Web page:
2020 is seeing an explosion in demand for telehealth services. By August of 2020 telehealth use among Medicare beneficiaries had gone up by more than 11,000%. More people are choosing telemedicine for their healthcare than ever before. Covid-19 has swept the planet resulting in a global pandemic the likes of which most of us have never seen before. This highly contagious virus has sickened millions and left a widespread trail of lasting complications and medical uncertainty in its wake. As a country, we have struggled to stay ahead of it. The public information has been conflicting, confusing, and seems to change frequently as the whole world seems to be “learning as we go”. One clear overriding message though seems to be “try not to get it”.

Stay at Home Orders Drive a New Need for Telemedicine

Beginning with widespread shutdowns and various stay at home orders across the country people have been encouraged to stay at home and when they are out keep their distance from others. By April of 2020 more than 300 million Americans, or over 90% of the population was under a stay at home order. As a result, the need for virtual health care skyrocketed. Everyone from healthcare providers to insurance companies, to our federal government quickly shifted to supporting telehealth services as an alternative to going out to the doctor. COVID-19 is expected to drive the US telehealth market into over 80% YOY growth in 2020.

At NYU Langone Health where they already had an established telehealth initiative, they used to get excited when they had 50 virtual visits in a day. As New York began to experience the full scope of its COVID outbreak they saw that number of daily virtual visits rise to 7,000 in only three days. Even cities not experiencing the crush of virus cases found in New York saw significant increased demand for telehealth services. Many people began to see telehealth not just as a new option in health care but as the safest way to access healthcare that could not be delayed.

Reduction or Suspension of Elective and Non-Essential Health Services Increase Need for Telemedicine

When stay at home orders were first put in place in cities across the country some included a suspension of non-emergency medical services. From elective surgery to dental care, services were put on hold. This was both to keep people safe and also to conserve things like face masks, personal protective equipment, and hospital beds for where they were most needed.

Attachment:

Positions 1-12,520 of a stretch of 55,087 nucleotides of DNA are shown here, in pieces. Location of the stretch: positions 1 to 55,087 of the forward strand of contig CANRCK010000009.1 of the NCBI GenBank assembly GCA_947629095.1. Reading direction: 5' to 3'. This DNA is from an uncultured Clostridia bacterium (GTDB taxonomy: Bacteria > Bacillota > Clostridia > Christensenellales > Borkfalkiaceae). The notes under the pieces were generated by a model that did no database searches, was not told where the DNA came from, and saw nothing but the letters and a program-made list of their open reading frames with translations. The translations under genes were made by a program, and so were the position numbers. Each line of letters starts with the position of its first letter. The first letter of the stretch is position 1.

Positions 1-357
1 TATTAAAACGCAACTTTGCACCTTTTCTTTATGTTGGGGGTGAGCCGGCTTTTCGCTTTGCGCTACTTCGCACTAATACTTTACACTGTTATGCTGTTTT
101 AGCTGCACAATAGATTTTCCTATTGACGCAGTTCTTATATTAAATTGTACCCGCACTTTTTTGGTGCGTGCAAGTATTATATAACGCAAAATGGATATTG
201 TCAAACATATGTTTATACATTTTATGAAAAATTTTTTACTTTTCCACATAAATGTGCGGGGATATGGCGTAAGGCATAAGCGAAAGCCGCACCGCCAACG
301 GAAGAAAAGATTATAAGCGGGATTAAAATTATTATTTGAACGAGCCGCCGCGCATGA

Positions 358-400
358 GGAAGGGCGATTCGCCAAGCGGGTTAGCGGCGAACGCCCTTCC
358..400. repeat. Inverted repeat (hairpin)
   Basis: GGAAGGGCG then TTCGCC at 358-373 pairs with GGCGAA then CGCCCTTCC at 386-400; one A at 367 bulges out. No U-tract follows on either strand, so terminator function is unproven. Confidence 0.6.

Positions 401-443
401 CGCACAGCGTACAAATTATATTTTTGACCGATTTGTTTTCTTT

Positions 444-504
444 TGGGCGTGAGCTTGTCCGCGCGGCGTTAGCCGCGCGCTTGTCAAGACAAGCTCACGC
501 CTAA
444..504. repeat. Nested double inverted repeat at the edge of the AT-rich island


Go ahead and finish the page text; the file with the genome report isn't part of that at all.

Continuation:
Telehealth is a logical alternative to in-person medical care. Through telehealth, many important medical services can be provided in a safe, socially distant way. Healthcare facilities have used telehealth technology to triage patients from afar. This can reduce the number of patients ending up in emergency rooms or just sitting in clinic waiting rooms. Patients can also be assessed for symptoms of COVID-19 remotely reducing their chance of spreading the virus to others if they are infected. Follow-up care with patients using remote monitoring has also increased. Patients vulnerable from other health issues can recover at home reducing their risk of exposure to the virus.

Ongoing Fear of Exposure to COVID-19 Keeps Demand for Telehealth High

The pattern of hot spots for COVID-19 is constantly changing. Personal responsibility for social distancing is the new normal. While stay at home orders are less common people are still urged to make smart choices. Many cities, counties, and even major corporations have mandated wearing face masks outside of the home. Signs stating “face-covering required to enter” are common in store windows and public buildings large and small. Reminders to stay 6 feet apart can be found everywhere and cashiers and customer service employees are often protected behind Plexiglas barriers.

While many people can now go to the doctor, schedule face to face medical appointments, and leave their homes at will many are still choosing telemedicine. If they have a choice between a virtual visit that offers no potential risk of infection and an in-person visit many choose virtual. Why run an unnecessary risk? Grandparents want to see their grandchildren, people want to see their friends. If they can get their medical care risk free they can save those face to face moments for the interactions they value most.